Granddad insisted that a wire attached
to the flushing apparatus, at the back of the cistern
in the outside loo was the G string from
George Formby’s ukulele which had been
given him by his Auntie Vi, who told no lies
In the 30’s she was dresser to “The Son of Geronimo”
whose stage act consisted of tossing thirteen tomahawks
while decorously arranging feathers sewn into the buck skin skirt
of his female assistant Nancy, named “Tiny Fawn” (considered by some
to be faintly erotic, flirtatious, and likely to warm up a fancy.)
He was one of the many support acts as George Formby
took Hippodromes and Dance Halls by storm.
Geronimo (real name Harry Soo) was partial to blue cheese
and tomato sandwiches, though Fawn, with her disturbed past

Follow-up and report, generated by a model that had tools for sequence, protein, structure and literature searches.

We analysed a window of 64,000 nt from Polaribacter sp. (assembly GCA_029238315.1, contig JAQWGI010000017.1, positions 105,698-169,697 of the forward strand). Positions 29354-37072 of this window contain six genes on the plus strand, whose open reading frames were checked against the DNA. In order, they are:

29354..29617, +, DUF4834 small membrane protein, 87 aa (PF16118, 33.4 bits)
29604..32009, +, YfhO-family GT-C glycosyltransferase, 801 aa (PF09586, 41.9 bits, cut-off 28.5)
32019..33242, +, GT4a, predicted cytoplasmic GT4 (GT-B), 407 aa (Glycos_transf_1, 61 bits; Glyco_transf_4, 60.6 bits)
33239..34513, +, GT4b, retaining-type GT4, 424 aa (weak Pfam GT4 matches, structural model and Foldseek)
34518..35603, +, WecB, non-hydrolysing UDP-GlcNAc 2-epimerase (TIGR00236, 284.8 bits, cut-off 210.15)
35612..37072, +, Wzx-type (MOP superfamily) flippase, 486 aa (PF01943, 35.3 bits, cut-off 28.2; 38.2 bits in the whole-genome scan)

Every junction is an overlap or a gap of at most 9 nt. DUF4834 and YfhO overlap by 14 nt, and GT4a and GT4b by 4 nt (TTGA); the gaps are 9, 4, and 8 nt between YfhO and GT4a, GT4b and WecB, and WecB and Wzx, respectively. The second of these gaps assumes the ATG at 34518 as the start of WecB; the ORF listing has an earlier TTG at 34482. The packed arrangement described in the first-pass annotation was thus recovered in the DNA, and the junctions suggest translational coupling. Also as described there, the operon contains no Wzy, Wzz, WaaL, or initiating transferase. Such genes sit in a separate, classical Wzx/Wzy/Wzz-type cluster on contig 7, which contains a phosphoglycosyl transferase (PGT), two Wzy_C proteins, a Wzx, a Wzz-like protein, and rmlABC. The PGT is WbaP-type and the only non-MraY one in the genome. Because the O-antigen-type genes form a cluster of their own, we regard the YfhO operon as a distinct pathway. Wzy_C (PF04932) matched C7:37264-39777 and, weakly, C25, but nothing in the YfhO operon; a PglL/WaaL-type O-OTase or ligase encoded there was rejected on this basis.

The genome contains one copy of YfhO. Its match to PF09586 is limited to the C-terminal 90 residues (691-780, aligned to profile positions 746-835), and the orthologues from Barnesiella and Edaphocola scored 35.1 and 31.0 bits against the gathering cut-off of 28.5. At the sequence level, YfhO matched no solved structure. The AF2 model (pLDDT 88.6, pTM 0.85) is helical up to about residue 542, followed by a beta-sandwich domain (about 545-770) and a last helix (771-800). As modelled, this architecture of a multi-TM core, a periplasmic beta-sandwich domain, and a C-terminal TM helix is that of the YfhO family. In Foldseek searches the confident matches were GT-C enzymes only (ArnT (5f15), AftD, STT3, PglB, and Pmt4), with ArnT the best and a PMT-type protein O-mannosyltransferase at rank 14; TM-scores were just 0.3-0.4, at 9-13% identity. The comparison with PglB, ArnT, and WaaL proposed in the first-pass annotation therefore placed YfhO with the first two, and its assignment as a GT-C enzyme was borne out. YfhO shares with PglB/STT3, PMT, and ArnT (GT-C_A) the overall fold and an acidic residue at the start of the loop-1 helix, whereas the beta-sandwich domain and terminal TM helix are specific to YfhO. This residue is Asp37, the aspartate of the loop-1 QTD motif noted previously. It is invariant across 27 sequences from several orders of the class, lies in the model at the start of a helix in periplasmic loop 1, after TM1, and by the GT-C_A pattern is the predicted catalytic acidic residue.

always had hers oozing mustard, downed with a pint of Bass.
One evening George popped his gormless face
round the dressing room door and said “I’m partial to the taste
of a barm cake supper with sardines and tomato. Well lo and behold Aunt Vi
had just the thing at hand, having had a go at fishing off the sands
that very morning by a beached blow whale, but therein lies another tail.
That night, halfway through cleaning his windows, plunka plunk a jinga jang,
his G string twanged for a final time as he sang. When he came off
he presented it to Vi with a signed note….
”Thanks for the butty, it was divine
I’ve never had it coated with brown bread before, can I come back for more?
To my little barmpot Vi, with lots of sighs, from George.”
George’s wife, his manager found out about the note
The Son of Geronimo was taken off the bill
and by the throat for acting the goat
while Auntie Vi got one in the eye after having her heart sliced
smote and smitten but with her wrapper still intact,
and went back to what she did best,,,, buttering the facts.